Has the computer changed our musical values?
Some years ago, it became apparent that affordable computers and powerful software would soon give the owners of even modest project studios the ability to make professional-quality recordings. Naturally, there was some scepticism in the music media. Some feared the imminent dumbing-down of recorded music, but others felt that the deluge of badly produced material that was surely going to result would just highlight the fact that technology alone didn't make one a producer, and without study, application and above all talent, the technology is merely a toy.
Fast-forward a few years and this argument had all but disappeared from editorial columns. It seemed that although we all had access to powerful recording equipment, the sceptics had been right, and little had changed in terms of popular music. These kinds of musings had been superseded by growing concern about how illegal file-sharing might damage the recording industry. Since the legitimisation of this area (and appropriately it took a technology company to create a workable model where the record companies had failed), file-sharing is a bit of a passé subject these days. Make no mistake though, it still exists, and is perhaps as popular as ever.
With hindsight, it seems to me that these two disparate developments in our industry — the sudden accessibility of desktop music production and the controversial popularity of file-sharing — are more closely linked than you'd imagine, and actually point to a wider problem: Technology has apparently created a generation of music producers and consumers who don't seem to value music at all. How can they value something that's free to anyone with a bit of savvy and a broadband connection, especially when they own the very tools of its production themselves?
But it goes much deeper than that. If you spend all your time in front of your computer, laboriously writing, recording, mixing and mastering your concept album, only to find that actually nobody is interested in it beside a few close friends who are prepared to sit through it (again), then it's very easy to learn the wrong lesson — namely, that your music is worthless. Under these circumstances, it's not difficult to create a justification for downloading other people's music for free — 'Nobody pays for my music, why should I pay for anyone else's?'
But to simply download music for free and shove it on your iPod, without ever knowing what it is, is to miss the point of music — that it's created by people. It's not just the soundtrack to your train ride; it's the product of someone's labour, someone's creativity. I've met people who don't even know what half the material on their iPod is, and to me that's the real crime.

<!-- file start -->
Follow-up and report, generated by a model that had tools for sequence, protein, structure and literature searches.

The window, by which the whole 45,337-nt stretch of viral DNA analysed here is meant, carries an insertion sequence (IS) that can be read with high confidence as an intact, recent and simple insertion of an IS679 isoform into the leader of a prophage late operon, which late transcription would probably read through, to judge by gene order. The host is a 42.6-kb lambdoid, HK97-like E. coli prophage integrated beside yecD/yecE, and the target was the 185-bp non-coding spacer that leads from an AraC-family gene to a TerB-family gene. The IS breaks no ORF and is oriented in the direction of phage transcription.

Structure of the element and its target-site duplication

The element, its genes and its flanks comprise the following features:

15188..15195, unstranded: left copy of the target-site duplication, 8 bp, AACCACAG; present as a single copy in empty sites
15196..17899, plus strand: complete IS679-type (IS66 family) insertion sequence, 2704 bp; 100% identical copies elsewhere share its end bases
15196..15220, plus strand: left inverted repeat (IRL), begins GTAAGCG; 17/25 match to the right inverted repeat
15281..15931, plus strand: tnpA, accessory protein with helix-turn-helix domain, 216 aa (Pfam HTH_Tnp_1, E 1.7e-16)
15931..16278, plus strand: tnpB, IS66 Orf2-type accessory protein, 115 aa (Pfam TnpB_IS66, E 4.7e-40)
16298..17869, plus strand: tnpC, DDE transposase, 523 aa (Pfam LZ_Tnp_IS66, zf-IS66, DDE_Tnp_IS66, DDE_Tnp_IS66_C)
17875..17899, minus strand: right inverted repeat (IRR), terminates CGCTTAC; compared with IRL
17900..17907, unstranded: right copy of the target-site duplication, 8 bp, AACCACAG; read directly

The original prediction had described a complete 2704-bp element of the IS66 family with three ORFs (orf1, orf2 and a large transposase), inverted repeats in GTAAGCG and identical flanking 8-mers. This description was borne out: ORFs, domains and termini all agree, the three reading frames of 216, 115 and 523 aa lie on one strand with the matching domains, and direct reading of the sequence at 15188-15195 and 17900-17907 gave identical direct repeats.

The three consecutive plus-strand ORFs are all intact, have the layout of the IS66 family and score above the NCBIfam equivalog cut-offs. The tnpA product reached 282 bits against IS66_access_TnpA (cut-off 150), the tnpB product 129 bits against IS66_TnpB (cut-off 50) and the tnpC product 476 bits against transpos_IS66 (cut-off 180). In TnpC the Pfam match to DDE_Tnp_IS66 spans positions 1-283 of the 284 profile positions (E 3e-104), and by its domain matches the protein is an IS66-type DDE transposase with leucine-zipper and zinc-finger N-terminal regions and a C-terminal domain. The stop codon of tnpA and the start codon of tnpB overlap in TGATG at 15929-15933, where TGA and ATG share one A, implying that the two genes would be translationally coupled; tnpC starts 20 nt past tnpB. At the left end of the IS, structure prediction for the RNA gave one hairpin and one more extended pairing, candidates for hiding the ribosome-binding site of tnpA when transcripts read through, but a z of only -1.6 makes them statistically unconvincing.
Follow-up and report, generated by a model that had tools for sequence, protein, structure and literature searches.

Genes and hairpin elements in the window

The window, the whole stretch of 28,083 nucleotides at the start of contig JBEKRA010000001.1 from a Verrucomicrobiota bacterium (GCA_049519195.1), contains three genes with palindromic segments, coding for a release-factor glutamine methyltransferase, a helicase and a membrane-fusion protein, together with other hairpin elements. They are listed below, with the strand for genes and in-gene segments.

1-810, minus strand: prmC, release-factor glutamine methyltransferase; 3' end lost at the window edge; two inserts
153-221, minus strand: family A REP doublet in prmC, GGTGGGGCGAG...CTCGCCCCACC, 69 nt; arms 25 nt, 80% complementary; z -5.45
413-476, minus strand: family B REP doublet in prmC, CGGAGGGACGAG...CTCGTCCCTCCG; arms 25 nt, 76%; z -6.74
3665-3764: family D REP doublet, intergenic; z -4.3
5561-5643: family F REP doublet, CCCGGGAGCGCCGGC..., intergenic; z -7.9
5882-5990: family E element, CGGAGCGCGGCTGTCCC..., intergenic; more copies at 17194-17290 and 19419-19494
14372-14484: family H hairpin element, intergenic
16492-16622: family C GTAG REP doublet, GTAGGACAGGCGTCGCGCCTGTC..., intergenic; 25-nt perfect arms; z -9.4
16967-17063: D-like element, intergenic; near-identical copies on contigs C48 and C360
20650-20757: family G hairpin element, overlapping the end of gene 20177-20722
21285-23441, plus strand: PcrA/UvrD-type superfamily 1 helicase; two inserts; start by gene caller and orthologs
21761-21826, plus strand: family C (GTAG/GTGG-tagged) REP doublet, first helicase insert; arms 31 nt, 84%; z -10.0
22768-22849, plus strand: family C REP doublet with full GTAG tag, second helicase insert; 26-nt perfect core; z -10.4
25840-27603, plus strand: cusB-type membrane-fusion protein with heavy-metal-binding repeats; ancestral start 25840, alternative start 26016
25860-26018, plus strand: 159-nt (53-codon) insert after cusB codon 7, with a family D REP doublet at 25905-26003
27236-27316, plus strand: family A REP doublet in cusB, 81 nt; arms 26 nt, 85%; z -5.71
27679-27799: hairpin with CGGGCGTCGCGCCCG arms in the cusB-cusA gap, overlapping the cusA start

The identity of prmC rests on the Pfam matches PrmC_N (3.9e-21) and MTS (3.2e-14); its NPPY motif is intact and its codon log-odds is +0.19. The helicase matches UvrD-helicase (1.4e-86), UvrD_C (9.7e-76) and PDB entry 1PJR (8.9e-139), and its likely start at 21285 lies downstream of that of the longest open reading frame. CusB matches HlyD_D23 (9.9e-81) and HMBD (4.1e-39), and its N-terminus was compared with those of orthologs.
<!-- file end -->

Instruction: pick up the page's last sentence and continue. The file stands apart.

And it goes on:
When did we stop being interested in music? Certainly, at some point a large swathe of us ceased being interested in who created any particular piece of music and why, who played on whose album, who produced whom, and so on. To me, this fundamental context is what makes music interesting and meaningful beyond the simple, visceral level; it's what makes the music a living thing, rather than just a commodity. It's also the thing that is immediately missing from a collection of music that you've simply gathered up off the Internet. Perhaps not everyone enjoys the mildewy smell or the scratchy throat you get when you've spent all afternoon in a dusty shop reading the sleeve notes of old vinyl albums, looking for something you'd never discovered before. But to me that's what being interested in music, and being a musician, is all about.
I suspect the people I am most critical of here aren't actually reading this column. They're more likely to be on the 'net, bloodshot eyes and skin like wet cheese, pulling down a few hundred MP3s. That's their loss though. It's important that we remember why we liked music in the first place and try to carry over some of that feeling into the work we do, without getting sidelined into the bitterness of the industry, or our own feelings of worthiness in a marketplace which seems to have lost its collective mind. Car salesmen and merchant bankers deal in commodities, but we deal in something far more valuable; creativity. Our industry isn't like other industries, it's one where you can spend a whole lifetime working for absolutely no financial reward, and never get the break you deserve. So you'd better make sure you enjoy it.
Christopher Budd is a lecturer, writer and media composer. He recently scored a documentary called In Search Of The Valley, which is out imminently (www.insearchofthevalley.com).